Unfortunately, some shops getting into digital printing for the first time are often given an incorrect understanding of maintenance needs, hearing descriptions that some are “maintenance-free”. But as airplanes love to be airborne, printers are happiest when they are doing what they are designed to do, print. And the more the better. But downtime, and maintenance, are a reality for all printers. Each printer manufacturer provides instructions for daily, weekly, and monthly maintenance. And in many cases, daily maintenance – as short and simple as 10 minutes a day, is often the most critical to perform.
Many factors go into selecting the right printer for your operation. Remember to make a commitment to follow the manufacturer’s maintenance schedule. Maintenance procedures are not difficult to understand or follow, nor should they intimidate or prevent you from adopting this new technology. Simple, but proper, maintenance will keep your printer at its best, and leave you smiling, knowing you’ve made the right investment in technology.
To learn more about Avery Dennison Reflective Solutions, visit us at: reflectives.averydennison.com.
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Want more information on the MUTOH TrsafficJet? Just ask:[ninja_form id=1]
by Mike Springan, Product Manager/Techincal Trainer, MUTOH AMERICA
The idea of maintaining any product or piece of equipment you purchase to keep it working at its best is not a new concept. There are many articles and blogs dedicated to the best practices to maintain your wide format printer, easily found by simply googling “printer maintenance”. Most of these articles will compare your printer maintenance to maintenance you regularly perform on your car, and rightfully so. Both are significant purchases that you want to keep working at their best and, probably more important, at their most reliable state. Let’s face facts here, there is not much difference in getting in your car in the morning only to find the battery is dead and the car won’t start and arriving at your shop to find you print head is clogged and the printer won’t print.
Here are a few ideas that you can easily implement into your maintenance routine to help keep your printer in tip-top shape and the profits flowing!
It is very easy to compare the most basic maintenance routines of your printer to that of your car or truck. Most people will wash their cars from time to time, change the oil and filter, wash windows, vacuum the interior, etc. etc. Your printer will operate at its best and most reliable state when you spend just a minimal amount of time cleaning it. It’s always best to follow the manufacturer’s guidelines and instructions for proper cleaning procedures.
The best way to make sure that when you arrive at your shop in the morning and print your first nozzle check with all nozzles firing 100 percent is to keep your capping station and print head clean and free of drying ink and debris. I call this daily maintenance. Some manufacturers will specify daily, weekly, monthly, etc. This maintenance routine should be done daily. It takes about 2 minutes at the end of a hard day of printing and will save you a lot of money and downtime in the future. You can never clean too much!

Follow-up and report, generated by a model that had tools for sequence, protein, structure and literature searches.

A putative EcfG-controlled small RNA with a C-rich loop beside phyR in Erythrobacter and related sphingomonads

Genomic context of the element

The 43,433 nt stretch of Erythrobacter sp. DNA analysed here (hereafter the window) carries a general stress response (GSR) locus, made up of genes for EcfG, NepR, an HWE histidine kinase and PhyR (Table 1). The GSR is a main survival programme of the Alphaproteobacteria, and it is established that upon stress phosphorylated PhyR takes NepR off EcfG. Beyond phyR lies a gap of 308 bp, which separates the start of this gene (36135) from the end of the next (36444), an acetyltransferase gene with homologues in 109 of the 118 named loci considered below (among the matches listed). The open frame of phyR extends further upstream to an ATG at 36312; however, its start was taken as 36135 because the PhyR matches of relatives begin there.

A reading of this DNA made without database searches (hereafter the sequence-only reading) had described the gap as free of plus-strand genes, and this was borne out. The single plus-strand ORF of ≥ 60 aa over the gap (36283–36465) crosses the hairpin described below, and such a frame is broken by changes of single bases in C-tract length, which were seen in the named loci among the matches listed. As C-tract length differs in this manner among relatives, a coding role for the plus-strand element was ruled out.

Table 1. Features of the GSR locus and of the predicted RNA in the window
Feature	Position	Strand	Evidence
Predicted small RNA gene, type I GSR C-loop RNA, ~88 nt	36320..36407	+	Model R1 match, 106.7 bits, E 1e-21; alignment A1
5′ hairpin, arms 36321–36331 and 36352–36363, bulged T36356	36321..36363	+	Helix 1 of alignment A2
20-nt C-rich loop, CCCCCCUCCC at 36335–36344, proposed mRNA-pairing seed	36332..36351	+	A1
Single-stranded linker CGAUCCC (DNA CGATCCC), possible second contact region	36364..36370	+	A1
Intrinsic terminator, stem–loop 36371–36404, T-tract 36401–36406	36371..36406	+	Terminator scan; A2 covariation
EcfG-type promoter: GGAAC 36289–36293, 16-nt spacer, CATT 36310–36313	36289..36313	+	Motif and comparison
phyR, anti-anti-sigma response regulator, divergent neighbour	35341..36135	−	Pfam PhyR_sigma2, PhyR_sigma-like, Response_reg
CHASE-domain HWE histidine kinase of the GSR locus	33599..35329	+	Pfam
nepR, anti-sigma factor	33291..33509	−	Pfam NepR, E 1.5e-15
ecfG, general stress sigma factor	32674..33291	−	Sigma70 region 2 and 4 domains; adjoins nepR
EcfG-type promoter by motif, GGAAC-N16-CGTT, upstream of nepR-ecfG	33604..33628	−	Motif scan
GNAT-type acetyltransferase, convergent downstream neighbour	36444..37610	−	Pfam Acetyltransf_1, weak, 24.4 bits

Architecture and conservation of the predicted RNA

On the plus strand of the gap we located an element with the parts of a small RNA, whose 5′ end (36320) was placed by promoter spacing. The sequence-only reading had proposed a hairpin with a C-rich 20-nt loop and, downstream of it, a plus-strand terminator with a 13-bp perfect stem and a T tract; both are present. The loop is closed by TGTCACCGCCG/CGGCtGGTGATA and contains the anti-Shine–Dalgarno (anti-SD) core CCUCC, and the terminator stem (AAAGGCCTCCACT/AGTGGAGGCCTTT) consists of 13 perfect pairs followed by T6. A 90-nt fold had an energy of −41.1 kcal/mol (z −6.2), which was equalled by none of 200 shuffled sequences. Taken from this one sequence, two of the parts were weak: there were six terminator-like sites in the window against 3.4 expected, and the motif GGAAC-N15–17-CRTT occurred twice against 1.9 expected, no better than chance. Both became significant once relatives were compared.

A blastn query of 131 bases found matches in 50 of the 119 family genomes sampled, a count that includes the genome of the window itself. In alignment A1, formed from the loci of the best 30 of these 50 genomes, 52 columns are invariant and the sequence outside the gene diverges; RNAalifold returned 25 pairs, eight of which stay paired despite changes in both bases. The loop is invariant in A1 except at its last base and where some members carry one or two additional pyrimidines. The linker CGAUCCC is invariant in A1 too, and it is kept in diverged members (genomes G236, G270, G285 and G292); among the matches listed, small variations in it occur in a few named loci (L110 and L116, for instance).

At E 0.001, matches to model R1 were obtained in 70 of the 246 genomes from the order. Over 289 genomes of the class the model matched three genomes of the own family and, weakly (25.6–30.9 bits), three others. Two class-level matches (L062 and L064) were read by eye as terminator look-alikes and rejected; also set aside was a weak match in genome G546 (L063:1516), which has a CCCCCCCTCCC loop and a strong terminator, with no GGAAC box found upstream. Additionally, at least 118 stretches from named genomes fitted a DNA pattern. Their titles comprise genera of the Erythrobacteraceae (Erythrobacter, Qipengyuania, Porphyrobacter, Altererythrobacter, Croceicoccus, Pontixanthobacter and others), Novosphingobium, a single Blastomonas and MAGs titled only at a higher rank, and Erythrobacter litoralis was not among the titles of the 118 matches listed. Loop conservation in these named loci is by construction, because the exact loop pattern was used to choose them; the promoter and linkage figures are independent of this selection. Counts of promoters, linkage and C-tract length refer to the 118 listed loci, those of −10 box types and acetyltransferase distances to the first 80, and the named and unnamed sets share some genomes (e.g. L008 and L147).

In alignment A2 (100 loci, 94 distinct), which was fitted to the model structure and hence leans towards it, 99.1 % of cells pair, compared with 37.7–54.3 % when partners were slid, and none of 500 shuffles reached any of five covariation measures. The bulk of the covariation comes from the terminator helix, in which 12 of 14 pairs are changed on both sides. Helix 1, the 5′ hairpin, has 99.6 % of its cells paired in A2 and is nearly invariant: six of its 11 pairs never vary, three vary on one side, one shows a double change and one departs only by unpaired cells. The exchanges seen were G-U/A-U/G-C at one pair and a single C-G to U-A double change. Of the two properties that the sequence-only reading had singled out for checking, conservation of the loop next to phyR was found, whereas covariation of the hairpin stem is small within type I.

Make sure you keep your print bed and platen area clean. Ink and ink overspray gets everywhere and there is really no way of preventing it. All you can do is clean up any ink spills immediately and give the whole printer a good wipe down on a weekly basis.
Some printers have built-in automatic cleaning cycles to prevent nozzles from clogging and to keep all nozzles primed and ready to go. These cleanings are there to help maintain the reliability of the printer when you are not there. Make sure you set your timers appropriately for the ink type you are using.
The working space and environment the printer is in is just as important as keeping the printer clean.
Most manufacturers will recommend a temperature and humidity range optimal for your printer. For the most part, this boils down to approx. 75˚F and 50% humidity. Keeping your printer in a space that can maintain these optimal ranges will not only ensure the printer functions properly but will also help in making sure your medias are not too saturated (too much humidity) which can cause cockling and head strikes, or too dry (too low humidity) which can cause static that affects accurate dot placement or possible damage to electronic components.
One thing that is often overlooked is what other equipment is around your printer. Do you do a lot of woodwork or metal work in the same room or space as your printer? The dust, dirt, and debris created from these other pieces of equipment will easily be attracted to fans, vents, or filters on your printer. It won’t be long before your printer is filthy and may be damaged. (See “A Clean Printer Is a Happy Printer”)
Once more, this compares directly with maintaining your vehicle.
Like a car, printers are mechanical devices with many moving parts that wear out over time. Changing parts on a preventative basis means extended reliability i.e. change your oil, tires, battery etc.
Manufactures will have a list of periodical replacement parts. The idea here is to replace parts before they fail. A printer manufacturer will have guidelines on what parts may need to be greased or lubricated on a periodic basis or replaced after so many hours of operation.
If you follow these three tips you are sure to keep your printer operating consistently day in and day out.
Just like taking care of your car, proper upkeep can prevent a host of problems in the future.
Just remember to save the larger problems and repairs for your friendly neighborhood, certified service technicians. You won’t want to make things worse.
- Perform a daily nozzle check.
- Wipe down and clean the printer.
- Periodically run a cleaning cycle.
- Keep your environment stable.
- Plan to replace key components on your printer.
Why not take advantage of the features of MUTOH printers? They are loaded with easy to use maintenance options as well as options to keep going even when issues do come up. MUTOH has the best reputation in service, repair, and training with experts on staff with years of industry experience. Visit our website to see all the advantages of a MUTOH. www.mutoh.comRead More